Why Only 7 Black Students Got into Stuyvesant High School in 2019

As one of the few companies in the space doing the work to help black and latinx students gain admission into Specialized High Schools and other top NYC high schools, it is only appropriate that we step in to fully educate the community on why these outcomes are to be expected until appropriate measures are taken to solve the problem at it’s core. The problem is not a simple one so the solution is certainly not a simple one either. We need to hit the problem from a number of facets in order to truly impact change.

Here is a thorough break down of the factors causing the number of black students gaining admission into Stuyvesant High School to be so low. I will hold all parties accountable in this article because it is a team effort to help these children gain access to the Specialized High Schools.

Here are the factors contributing to the low numbers:

  1. We have a pipeline problem that is caused by the lack of gifted and talented programs in every school district in elementary schools and middle schools. Under the Bloomberg administration, many gifted and talented programs were taken away with no alternative put in place to challenge advanced learners to move to the next level. Therein lays one of our biggest issues. Without access to accelerate coursework, our best children are virtually excluded from the chance to compete on the SHSAT

  2. All black students DO NOT even sit for the SHSAT. Many parents are uninformed about the Specialized High Schools, the SHSAT and the need to prepare for the content tested on the exam. Additionally, parents are turned off by the lack of diversity and don’t even bother to have their child sit for the exam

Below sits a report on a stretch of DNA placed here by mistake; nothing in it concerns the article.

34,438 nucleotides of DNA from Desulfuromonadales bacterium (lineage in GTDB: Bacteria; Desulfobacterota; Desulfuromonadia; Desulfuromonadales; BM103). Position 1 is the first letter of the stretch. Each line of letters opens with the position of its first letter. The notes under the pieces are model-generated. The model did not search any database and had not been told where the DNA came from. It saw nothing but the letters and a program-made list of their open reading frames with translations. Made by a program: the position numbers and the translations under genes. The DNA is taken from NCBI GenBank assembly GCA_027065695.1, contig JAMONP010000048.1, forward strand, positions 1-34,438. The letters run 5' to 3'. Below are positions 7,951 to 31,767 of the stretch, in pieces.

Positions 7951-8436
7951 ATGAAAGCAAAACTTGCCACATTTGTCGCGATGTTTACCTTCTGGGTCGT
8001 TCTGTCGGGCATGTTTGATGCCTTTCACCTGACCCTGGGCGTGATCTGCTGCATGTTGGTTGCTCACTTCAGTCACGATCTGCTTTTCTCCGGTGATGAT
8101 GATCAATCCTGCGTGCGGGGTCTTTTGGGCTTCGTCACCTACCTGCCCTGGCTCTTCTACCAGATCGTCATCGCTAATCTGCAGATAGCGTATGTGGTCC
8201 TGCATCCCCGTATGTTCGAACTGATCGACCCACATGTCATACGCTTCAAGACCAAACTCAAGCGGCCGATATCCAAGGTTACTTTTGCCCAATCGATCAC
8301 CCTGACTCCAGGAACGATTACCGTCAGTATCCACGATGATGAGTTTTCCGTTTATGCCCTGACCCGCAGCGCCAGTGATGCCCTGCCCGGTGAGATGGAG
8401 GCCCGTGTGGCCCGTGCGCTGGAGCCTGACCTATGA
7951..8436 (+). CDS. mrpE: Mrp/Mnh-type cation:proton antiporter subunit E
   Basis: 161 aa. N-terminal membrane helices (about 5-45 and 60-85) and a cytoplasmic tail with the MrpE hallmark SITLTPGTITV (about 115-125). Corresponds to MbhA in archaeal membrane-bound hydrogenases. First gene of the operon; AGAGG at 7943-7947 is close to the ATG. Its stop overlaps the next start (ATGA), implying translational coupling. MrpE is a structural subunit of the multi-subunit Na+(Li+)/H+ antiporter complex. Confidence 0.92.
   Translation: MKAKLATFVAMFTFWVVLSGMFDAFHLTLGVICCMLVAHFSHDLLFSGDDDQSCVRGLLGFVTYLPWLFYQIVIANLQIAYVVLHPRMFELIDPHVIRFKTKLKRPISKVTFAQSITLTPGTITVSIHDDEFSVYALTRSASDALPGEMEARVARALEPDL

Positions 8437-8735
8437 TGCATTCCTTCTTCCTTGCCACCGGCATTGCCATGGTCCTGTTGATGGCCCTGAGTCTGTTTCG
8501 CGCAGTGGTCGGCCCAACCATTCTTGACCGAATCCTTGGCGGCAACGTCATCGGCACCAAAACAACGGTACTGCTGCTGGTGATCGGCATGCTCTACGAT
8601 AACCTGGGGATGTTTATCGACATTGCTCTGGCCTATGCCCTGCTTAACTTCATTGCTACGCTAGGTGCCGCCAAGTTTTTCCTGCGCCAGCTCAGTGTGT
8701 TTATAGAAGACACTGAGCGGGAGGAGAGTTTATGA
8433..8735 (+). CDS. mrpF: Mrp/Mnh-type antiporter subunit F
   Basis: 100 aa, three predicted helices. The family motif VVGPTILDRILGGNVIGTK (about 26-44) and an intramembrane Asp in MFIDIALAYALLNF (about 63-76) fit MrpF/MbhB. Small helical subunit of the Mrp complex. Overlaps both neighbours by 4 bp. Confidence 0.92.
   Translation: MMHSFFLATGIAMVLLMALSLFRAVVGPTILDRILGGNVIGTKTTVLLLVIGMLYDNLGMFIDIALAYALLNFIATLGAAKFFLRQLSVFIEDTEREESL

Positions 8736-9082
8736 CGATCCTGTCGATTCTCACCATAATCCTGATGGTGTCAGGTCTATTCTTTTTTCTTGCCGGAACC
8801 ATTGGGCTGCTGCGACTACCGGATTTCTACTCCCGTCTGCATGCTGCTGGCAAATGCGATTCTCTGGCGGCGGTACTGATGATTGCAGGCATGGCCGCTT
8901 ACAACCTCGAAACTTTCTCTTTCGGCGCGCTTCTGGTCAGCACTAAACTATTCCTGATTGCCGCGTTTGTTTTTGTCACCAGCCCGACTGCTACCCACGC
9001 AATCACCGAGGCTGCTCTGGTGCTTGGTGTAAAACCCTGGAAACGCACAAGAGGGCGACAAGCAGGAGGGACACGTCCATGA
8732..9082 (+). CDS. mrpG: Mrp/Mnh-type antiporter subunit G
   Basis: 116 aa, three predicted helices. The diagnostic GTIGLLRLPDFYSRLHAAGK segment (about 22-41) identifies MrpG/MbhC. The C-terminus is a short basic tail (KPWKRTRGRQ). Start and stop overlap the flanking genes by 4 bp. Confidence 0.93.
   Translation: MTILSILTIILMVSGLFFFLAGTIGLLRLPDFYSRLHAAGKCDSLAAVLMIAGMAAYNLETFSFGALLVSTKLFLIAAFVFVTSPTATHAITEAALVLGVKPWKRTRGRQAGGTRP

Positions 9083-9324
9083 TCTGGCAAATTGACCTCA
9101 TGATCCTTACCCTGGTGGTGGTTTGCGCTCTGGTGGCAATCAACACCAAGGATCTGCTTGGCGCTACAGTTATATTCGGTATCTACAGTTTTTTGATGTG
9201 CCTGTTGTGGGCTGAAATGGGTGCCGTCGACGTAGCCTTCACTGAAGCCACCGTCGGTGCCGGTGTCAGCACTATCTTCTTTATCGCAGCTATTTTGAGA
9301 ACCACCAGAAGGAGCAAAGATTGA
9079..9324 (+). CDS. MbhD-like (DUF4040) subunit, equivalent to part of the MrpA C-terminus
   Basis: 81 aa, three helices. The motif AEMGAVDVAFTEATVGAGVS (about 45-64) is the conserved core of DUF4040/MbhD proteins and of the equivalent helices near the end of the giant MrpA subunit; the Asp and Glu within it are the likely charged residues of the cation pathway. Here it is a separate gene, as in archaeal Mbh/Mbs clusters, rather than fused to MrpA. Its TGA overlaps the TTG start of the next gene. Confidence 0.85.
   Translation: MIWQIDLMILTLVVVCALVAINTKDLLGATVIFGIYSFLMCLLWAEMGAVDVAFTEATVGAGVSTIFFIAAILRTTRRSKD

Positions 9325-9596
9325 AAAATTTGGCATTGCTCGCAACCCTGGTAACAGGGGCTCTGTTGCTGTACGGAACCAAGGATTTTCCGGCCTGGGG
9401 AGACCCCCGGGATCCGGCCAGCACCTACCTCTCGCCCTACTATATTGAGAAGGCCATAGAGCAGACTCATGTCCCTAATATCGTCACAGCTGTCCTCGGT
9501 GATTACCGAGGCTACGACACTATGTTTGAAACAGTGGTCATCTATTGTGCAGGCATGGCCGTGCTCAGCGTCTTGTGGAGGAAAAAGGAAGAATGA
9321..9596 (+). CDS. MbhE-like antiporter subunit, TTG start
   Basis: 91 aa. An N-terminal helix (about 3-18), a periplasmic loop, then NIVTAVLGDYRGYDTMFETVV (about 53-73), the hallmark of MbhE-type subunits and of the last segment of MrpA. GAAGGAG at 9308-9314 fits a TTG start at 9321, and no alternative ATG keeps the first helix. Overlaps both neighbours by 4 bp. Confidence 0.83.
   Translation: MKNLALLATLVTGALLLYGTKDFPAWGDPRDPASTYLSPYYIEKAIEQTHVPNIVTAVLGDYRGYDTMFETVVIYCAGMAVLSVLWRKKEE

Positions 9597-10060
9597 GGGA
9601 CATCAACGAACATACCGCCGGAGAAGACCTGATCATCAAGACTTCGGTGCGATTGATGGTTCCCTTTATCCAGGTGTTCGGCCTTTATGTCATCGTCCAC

3. Our best students are scooped up by private schools and are groomed for these schools by programs like Prep for Prep, Oliver Scholar and A Better Chance. These programs are extremely rigorous and time intensive, leaving very little to prioritize preparation for the SHSAT. It is a great opportunity for these highly sought after candidates and should be added to the conversation

  4. If a student is in a 6-12 school or a K-12 school that is a Charter School or Public School, parents are not always given information about alternative, more competitive high school options. This leaves parents incapable of making an appropriate, holistic high school admissions decision for their child. School administrators at these schools prefer to retain their best candidates to make their high schools appear stronger. Losing their best and brightest students is not in their best interest so information about more selective high schools are oftentimes withheld from parents in an effort to keep the child at the current school

  5. Information networks are not as abundant in black and brown communities so parents often rely on teachers and guidance counselors to provide them with options for high schools. Unfortunately, guidance counselors and teachers at certain schools DO NOT share information about the city’s most competitive high school programs and oftentimes, make assumptions that the children would not be able to handle the work load. These internal biases cause students and parents to be left in the dark about their true options.

  6. For the black students who took the exam, here is what could have happened:

    1. Some of them do not receive test prep. Their parents may believe that they can show up cold to the exam and do well.

    2. Some students signed up for test prep way too late for it to make a difference

    3. Some students received test prep and did not work exceptionally hard to maximize the opportunity

    4. Some students are just not great test takers

Now, here are the solutions:

Mayor/Chancellor/DOE Responsibility:

  1. Create more Specialized High Schools. There is something special about the schools that should be studied carefully and duplicated. It’s a shame that every year so many talented students have to compete for so few seats. Right now, only 10% of NYC’s high schools do an exceptional job of preparing students for college. Let’s double the number of top high schools!

  2. Improve K-8 educational quality by expanding access to gifted and talented programs to ALL school districts for the elementary schools and middle schools. This way students who are advanced learners can be challenged and moved to the next level. This is how we rebuild the pipeline